Minister's comments show Government pressing on with 'dementia tax' - Labour
Labour has accused the Government of pressing on with its so-called "dementia tax" reforms after a minister said taxpayers should not be "propping up" people to keep their own homes while they were generating "massive" care costs.
Video footage obtained by Labour shows Health Minister Jackie Doyle-Price saying that when it came to their homes, people saw themselves as "the custodian of an asset to give to their offspring" and that "they shouldn't be seen as that".
The Conservatives' manifesto proposal for elderly people to pay for their care costs from the proceeds of the sale of their homes after they die was seen as one of the key factors behind the loss of Theresa May's Commons majority in last June's election.
The plan was quickly dubbed the "dementia tax" by opponents and the Prime Minister was forced to partially backtrack during the campaign, saying there would be a "cap" on the total costs people would have to pay, as the Government had previously promised.
Ministers have since said they will bring forward proposals to reform the funding of adult social care for consultation, although the Queen's Speech in June setting out the Government's programme for the next two years did not include any provision for legislation.
However, Labour leader Jeremy Corbyn said Ms Doyle-Price's comments - filmed during a fringe meeting at the Conservative Party conference in Manchester - showed they were still committed to the original plan.
In the footage released by Labour, Ms Doyle-Price says: "The reality is that the taxpayer shouldn't necessarily be propping up people to keep their property and hand it on to their children when they're generating massive care needs.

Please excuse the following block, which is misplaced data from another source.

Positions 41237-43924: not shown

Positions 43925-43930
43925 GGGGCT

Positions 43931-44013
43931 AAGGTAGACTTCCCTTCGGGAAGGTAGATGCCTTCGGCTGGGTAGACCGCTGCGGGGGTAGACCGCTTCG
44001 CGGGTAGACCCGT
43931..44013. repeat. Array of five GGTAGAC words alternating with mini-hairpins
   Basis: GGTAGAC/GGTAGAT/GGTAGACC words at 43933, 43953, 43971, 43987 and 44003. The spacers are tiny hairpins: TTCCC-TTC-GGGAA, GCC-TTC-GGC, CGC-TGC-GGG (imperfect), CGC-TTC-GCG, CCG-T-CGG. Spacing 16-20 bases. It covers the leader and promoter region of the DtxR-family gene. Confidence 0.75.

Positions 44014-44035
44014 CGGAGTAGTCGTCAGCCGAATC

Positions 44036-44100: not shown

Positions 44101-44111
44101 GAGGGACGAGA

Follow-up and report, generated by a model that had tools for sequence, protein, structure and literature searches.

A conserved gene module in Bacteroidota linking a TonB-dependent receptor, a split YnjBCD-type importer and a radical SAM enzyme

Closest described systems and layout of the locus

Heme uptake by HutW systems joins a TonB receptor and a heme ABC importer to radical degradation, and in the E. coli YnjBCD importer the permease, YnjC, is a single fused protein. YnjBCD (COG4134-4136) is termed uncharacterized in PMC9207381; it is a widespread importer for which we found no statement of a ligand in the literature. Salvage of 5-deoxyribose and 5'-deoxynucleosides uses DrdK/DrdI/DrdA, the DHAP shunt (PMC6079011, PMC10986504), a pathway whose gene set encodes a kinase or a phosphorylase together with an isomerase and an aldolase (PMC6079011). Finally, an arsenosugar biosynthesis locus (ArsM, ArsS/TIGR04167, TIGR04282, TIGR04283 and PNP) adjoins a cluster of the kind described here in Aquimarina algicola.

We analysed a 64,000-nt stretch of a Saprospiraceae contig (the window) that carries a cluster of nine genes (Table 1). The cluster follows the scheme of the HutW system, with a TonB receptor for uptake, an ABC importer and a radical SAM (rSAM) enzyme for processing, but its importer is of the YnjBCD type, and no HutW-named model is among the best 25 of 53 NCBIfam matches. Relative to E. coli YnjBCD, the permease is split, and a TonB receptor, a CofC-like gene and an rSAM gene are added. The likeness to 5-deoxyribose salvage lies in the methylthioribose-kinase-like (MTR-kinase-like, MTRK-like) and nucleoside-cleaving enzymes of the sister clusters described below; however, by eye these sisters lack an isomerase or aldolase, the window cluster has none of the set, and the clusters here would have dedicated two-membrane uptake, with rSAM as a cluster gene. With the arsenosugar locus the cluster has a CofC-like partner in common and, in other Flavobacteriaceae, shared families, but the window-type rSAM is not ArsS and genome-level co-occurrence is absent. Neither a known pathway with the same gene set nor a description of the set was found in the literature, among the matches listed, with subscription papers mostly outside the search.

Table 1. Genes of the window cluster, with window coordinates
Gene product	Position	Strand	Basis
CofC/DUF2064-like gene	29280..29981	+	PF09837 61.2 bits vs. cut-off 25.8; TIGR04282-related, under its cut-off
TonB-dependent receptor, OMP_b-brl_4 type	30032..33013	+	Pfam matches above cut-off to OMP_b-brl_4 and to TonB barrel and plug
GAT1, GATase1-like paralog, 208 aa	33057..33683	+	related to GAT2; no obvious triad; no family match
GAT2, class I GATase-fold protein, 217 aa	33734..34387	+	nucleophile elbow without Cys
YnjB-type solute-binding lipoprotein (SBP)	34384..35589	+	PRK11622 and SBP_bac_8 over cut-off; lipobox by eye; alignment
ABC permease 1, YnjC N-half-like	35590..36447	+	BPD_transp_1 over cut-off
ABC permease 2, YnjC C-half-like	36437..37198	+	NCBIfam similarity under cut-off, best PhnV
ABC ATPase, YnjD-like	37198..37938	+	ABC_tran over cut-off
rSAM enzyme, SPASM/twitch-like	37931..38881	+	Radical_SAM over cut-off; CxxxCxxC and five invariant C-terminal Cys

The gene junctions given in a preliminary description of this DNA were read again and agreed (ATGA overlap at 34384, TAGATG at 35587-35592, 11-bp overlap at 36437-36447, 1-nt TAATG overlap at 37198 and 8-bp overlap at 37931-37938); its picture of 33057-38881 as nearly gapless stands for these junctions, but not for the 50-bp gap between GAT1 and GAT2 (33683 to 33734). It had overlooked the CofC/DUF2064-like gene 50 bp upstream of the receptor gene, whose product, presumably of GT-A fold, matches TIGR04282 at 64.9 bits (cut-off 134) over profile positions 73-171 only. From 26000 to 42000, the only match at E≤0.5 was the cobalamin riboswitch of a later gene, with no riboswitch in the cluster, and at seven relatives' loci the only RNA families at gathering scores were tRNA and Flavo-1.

"We've got to a stage where people feel that they are the custodian of an asset to give to their offspring but actually we need to get back to a stage where actually homes are for living in - they shouldn't be seen as that.
"People are now well into their pension ages sitting in homes that really are too big for their needs and we really do need to start having those conversations about what's appropriate earlier."
Mr Corbyn, who is visiting a community centre in Shipley, West Yorkshire, on Thursday to highlight Labour's plans to invest £8 billion in social care over the next parliament, said the plan was "appalling".
"The idea of a 'dementia tax' was rightly rejected by the public during the general election. It is appalling that the Tories still want to force older people to pay for care with their homes," he said.
"Labour will provide hope for older people and treat them with the respect they deserve by investing an extra £8 billion in social care and establishing a national care service to reverse years of Tory decline
"It can't be right that if you have a heart condition you're treated on the NHS but if you have dementia you have to pay with your home."